In a world quick to condemn, criticize, and overreact, be quick to be kind.
The summer before I started middle school, I gained a lot of weight and developed unsightly stretch marks on my thighs. I was ashamed. While my parents worked during the day, my older sister took me to the neighborhood pool. I braced myself when I walked out of the changing stall. My sister never said one word about my body. She only said, “I love your bathing suit!” I remember as if it were yesterday. It meant everything that she managed to think of one nice thing when she could have said something cruel or nothing at all.
In the days that followed, other people were not so kind, but the pain was eased by remembering what my sister said. She’d said one nice thing, and her opinion mattered more than all the others.
Although my sister was very smart, and had long, beautiful hair and good conversation skills, I realized that anyone could be that person — the person who thinks of one nice thing when no one else does.
From that moment, I set a secret goal to be the person who thought of one nice thing — especially when I noticed someone looking uncomfortable, insecure, or left out.
Those people were easy to spot. They always looked a little sad or a little angry. Saying one nice thing almost always brought a look of relief. Sometimes it started a conversation; other times it didn’t, but I always loved seeing that tiny flash of relief. As an elementary education major in college, I got to visit many classrooms. I was always drawn to the children whose desks were pulled away from everyone else’s. I would bend down and ask a few questions. As the child began to talk, a compliment would pop into my head. When I said it, the child would always look at me a little funny — as if perhaps he hadn’t heard anything nice about himself in a while.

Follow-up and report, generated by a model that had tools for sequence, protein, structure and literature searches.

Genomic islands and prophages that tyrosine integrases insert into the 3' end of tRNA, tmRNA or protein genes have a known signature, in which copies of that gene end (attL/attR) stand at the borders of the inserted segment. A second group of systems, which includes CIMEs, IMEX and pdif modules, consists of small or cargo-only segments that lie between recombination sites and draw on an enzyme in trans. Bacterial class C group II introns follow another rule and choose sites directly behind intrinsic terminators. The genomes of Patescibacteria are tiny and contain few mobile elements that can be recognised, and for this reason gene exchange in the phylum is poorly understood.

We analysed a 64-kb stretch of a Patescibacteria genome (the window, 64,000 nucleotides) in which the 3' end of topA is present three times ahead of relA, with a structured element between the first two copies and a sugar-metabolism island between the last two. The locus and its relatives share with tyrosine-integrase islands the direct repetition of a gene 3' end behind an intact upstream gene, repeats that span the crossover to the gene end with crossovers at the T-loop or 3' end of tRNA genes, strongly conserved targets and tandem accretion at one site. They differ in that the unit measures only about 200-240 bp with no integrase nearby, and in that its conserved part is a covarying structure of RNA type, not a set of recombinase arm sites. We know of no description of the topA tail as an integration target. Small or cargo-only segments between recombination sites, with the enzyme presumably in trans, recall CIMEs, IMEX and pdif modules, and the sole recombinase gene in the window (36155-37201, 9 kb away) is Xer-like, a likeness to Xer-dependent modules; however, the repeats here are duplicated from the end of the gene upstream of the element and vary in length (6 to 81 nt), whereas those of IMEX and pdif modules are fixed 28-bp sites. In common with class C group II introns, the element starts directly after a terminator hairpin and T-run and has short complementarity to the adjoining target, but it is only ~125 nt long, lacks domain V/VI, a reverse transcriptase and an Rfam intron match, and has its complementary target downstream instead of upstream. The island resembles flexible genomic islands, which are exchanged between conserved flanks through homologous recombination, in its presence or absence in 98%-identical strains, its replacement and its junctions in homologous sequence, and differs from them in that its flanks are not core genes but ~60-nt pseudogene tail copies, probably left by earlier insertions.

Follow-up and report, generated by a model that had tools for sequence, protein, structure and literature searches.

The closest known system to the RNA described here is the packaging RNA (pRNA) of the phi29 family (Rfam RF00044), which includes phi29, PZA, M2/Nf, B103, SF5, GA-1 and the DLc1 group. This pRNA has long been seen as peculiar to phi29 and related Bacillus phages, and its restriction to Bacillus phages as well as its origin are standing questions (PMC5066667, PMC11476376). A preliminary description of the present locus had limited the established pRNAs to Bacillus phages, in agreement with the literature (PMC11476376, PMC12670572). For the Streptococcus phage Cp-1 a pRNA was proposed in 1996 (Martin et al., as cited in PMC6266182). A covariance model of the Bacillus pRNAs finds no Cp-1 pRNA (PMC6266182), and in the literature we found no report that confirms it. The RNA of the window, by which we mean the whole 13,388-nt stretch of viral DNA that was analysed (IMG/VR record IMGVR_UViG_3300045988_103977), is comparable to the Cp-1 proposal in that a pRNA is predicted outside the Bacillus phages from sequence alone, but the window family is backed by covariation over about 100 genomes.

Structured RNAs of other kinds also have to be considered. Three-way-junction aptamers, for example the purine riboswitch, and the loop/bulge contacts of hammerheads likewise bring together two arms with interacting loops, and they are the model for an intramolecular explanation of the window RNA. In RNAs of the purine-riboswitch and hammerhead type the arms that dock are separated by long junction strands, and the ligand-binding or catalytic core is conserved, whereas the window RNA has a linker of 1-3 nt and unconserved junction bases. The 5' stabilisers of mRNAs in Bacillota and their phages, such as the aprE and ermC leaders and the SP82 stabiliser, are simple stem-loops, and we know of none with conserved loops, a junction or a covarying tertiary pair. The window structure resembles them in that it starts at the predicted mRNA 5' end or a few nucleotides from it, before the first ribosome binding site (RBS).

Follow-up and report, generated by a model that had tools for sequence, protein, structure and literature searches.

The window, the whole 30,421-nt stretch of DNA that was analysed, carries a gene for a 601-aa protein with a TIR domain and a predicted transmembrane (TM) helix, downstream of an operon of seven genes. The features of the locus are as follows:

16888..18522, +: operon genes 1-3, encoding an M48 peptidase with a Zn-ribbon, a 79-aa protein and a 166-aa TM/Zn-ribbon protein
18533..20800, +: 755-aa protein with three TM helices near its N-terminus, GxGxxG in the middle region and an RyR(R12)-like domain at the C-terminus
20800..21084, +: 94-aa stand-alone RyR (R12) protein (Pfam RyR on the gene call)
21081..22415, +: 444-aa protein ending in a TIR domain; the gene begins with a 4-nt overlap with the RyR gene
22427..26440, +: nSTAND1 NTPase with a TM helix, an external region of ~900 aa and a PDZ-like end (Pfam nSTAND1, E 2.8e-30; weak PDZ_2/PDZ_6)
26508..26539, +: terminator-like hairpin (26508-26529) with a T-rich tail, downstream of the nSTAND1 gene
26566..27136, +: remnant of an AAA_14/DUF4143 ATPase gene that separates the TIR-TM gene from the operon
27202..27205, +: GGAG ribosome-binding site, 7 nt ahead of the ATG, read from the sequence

That is when I knew what God was calling me to do with my life.
I went on to be a special education teacher. I always appreciated the children who would take a moment to talk to, encourage, or include my students. I would later pull those kind children aside and tell them how that one nice thing they said or did made a difference. “I don’t think I’ve ever seen my student smile like that,” I would say. Or “I’m certain she’s going to remember your kindness forever.” The children would look surprised and pleased and then go on giving more kindness as if it was their job.
Now that I have children of my own, I encourage them to be the person who thinks of one nice thing. I don’t think there is a more important person to be I say:
Yeah, it might be cool to be the one who knows all the answers, but consider being the one who thinks of one nice thing.
Yeah, it might be cool to be the one invited to all the parties, but consider being the one who shows up when no one else does.
Yeah, it might be cool to be the one everyone gathers around, but consider being the one who extends an invitation to someone outside the circle.
Yeah, it might be cool to be the one with all the latest gadgets, but consider being the one who always has something kind to say. Be that one.
The look of relief on another person’s face is far better than any trophy, any contest, any invitation, or any award.
In a world quick to condemn, criticize, and overreact, be quick to be kind. Your kindness might just be carried in someone’s heart forever, changing the course of her life for good.
Excerpted with permission from Only Love Today by Rachel Macy Stafford, copyright Rachel Macy Stafford.
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Think about the kindness of Jesus in some of our favorite stories — Zaccheus (Luke 19), the Samaritan woman at the well (John 4), Lazarus (John 11). Jesus was kind to those that others rejected and hated. He welcomed and embraced the ostracized and disenfranchised. He wept for the suffering of others even when He knew He would bring healing. Today, let’s bring kindness wherever we go! Come share your one kind thing with us on our blog. We want to hear from you! ~ Devotionals Daily
Only Love Today
Rachel Macy Stafford
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